In 1996, the U.S. signed onto the WIPO Internet Treaties which requires its member states to give authors of creative works the exclusive right to decide how, when and where their works are made available and communicated to the public, including on the Internet or other digital platforms. The U.S. implemented these treaties through the Digital Millennium Copyright Act (DMCA), but did not explicitly explain the bounds of certain rights, relegating the courts to ultimately decide their meaning. Unfortunately, the lack of guidance has caused differing opinions among the certain courts. In A&M Records v. Napster, Inc. the 9th circuit concluded that ‘‘Napster users who upload file names to the search index for others to copy violate plaintiffs’ distribution rights, while other Circuit cases have have required actual distribution for a claim of infringement.
To correct this oversight, the Copyright Office has posted a Notice of Inquiry to study the situation and solicit public comments on whether their is merit to amending or clarifying the “make available” clause within the DMCA.
While clarification may be warranted, one potential consequence of any update may be that hyperlinks would be considered an infringement, as they “make available” copyrighted work to the public from another location without permission from the author. Such a decision would have a chilling effect on the free flow of information and cause devastating harm to social media sites, like Facebook and Google Plus, which rely on third party hyperlinks.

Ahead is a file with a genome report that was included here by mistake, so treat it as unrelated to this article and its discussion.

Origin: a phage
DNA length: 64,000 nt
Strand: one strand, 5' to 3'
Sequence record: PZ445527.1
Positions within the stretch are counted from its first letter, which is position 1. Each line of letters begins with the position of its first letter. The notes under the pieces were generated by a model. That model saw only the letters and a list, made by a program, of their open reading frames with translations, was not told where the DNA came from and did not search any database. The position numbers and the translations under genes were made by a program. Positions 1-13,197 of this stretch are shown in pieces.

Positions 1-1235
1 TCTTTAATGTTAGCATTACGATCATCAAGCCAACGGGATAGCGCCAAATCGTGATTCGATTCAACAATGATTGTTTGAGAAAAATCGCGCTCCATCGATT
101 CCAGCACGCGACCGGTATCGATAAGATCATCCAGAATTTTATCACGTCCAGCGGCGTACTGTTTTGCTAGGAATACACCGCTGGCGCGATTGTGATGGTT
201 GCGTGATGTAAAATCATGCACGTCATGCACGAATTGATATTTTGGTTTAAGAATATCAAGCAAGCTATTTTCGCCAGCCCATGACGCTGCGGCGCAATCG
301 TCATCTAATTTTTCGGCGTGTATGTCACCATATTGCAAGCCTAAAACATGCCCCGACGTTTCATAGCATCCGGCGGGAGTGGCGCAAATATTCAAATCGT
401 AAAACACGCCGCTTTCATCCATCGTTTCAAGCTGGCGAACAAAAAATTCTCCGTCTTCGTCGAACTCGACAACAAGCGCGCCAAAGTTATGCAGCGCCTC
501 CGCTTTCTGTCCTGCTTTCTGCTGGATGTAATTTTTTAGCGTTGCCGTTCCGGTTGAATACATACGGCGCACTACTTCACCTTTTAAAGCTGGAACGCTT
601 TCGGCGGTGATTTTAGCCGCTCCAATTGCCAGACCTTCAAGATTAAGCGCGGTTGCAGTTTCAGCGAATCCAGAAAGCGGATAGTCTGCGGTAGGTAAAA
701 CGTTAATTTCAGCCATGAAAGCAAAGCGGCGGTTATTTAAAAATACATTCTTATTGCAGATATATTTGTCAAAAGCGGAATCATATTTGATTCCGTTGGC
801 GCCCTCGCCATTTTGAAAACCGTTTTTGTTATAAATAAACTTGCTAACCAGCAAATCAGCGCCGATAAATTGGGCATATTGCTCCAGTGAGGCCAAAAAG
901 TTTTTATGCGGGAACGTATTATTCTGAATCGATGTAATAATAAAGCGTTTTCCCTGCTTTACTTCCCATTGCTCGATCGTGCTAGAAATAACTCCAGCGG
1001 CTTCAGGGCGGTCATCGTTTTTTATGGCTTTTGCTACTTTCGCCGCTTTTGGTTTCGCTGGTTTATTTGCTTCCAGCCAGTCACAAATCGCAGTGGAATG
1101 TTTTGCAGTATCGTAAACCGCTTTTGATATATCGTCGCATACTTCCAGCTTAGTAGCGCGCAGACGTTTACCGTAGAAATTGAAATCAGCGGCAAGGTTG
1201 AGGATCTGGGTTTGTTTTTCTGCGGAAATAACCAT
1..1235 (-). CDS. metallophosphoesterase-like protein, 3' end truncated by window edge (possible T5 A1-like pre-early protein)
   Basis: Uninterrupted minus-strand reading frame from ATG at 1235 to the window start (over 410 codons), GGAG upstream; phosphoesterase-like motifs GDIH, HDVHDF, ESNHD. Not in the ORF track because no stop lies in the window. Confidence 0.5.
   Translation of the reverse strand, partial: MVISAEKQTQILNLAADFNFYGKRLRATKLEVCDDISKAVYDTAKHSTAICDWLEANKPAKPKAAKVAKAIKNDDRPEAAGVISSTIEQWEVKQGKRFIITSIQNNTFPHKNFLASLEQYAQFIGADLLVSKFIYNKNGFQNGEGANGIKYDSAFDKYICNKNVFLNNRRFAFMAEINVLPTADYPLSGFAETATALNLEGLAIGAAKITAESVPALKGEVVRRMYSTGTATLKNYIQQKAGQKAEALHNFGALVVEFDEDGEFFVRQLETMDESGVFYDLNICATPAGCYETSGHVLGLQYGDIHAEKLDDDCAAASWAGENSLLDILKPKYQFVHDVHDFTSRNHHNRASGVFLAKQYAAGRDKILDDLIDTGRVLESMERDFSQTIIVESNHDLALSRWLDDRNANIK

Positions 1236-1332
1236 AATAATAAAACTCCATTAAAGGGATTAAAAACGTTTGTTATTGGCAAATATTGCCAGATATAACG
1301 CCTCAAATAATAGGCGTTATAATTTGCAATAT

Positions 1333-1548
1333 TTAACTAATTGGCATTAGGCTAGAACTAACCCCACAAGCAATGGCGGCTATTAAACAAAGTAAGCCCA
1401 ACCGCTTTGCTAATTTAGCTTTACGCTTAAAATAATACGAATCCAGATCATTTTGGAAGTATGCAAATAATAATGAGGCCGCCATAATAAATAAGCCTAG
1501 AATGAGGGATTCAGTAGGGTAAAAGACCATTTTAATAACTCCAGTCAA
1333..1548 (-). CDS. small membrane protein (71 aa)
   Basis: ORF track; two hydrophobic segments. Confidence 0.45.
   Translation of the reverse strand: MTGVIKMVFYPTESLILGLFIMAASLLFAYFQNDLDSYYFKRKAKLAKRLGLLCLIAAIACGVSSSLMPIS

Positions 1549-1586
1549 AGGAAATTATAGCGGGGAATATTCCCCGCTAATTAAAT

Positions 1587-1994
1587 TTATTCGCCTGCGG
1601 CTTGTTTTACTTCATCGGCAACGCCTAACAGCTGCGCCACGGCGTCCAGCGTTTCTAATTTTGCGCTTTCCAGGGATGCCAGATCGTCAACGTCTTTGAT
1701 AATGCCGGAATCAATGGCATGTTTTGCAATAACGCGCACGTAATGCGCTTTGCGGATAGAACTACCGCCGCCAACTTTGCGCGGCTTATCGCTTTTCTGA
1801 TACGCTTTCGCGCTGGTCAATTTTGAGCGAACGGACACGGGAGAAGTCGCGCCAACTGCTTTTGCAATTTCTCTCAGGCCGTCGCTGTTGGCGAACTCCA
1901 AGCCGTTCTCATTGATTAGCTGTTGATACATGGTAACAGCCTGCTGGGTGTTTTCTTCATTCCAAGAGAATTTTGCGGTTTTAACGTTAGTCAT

The Copyright Office has posted a Notice of Inquiry to solicit comments.
In a recent blog post, the Digital Library Association of America posted a comment stating, “We hope you’ll agree that linking is an essential—perhaps the essential—element of the open web, and that we must work together to keep that option fully available to us all.”
The reality is that many content creators posting on the Internet want their work to be linked. It increases traffic to their sites and is a key metric in determining placement in search engine results. But, because each author automatically holds a copyright to their content and a copyright notice is not required, readers would have to assume that the author does not want their content linked, or otherwise risk a copyright violation.
Author’s would instead need to affirmatively notify their readers that linking is allowed. Creative Commons licenses might provide a solution where authors add the license link to their posts. The problem of course is that not every content creator, nor user, is aware of Creative Commons. Many users might not even be aware of the change to the law, continuing to link as they have in the past, not knowing they are now infringers. It’s not hard to envision some unscrupulous people taking advantage of that fact.
One might think that this warning is overblown and that hyperlinks will never come user copyright protection. I would agree that the likelihood is low, but certainly not zero. If it were not of some concern, institutions like the Digital Library Association wouldn’t be commenting. After all, it’s not as if Congress hasn’t signed laws with unintended consequences before. And, with a Congress that has shown itself to be deficient in its understanding of technology and the Internet, (remember “the Internet is a series of tubes”), it may be healthy to at least monitor the progress of this Inquiry.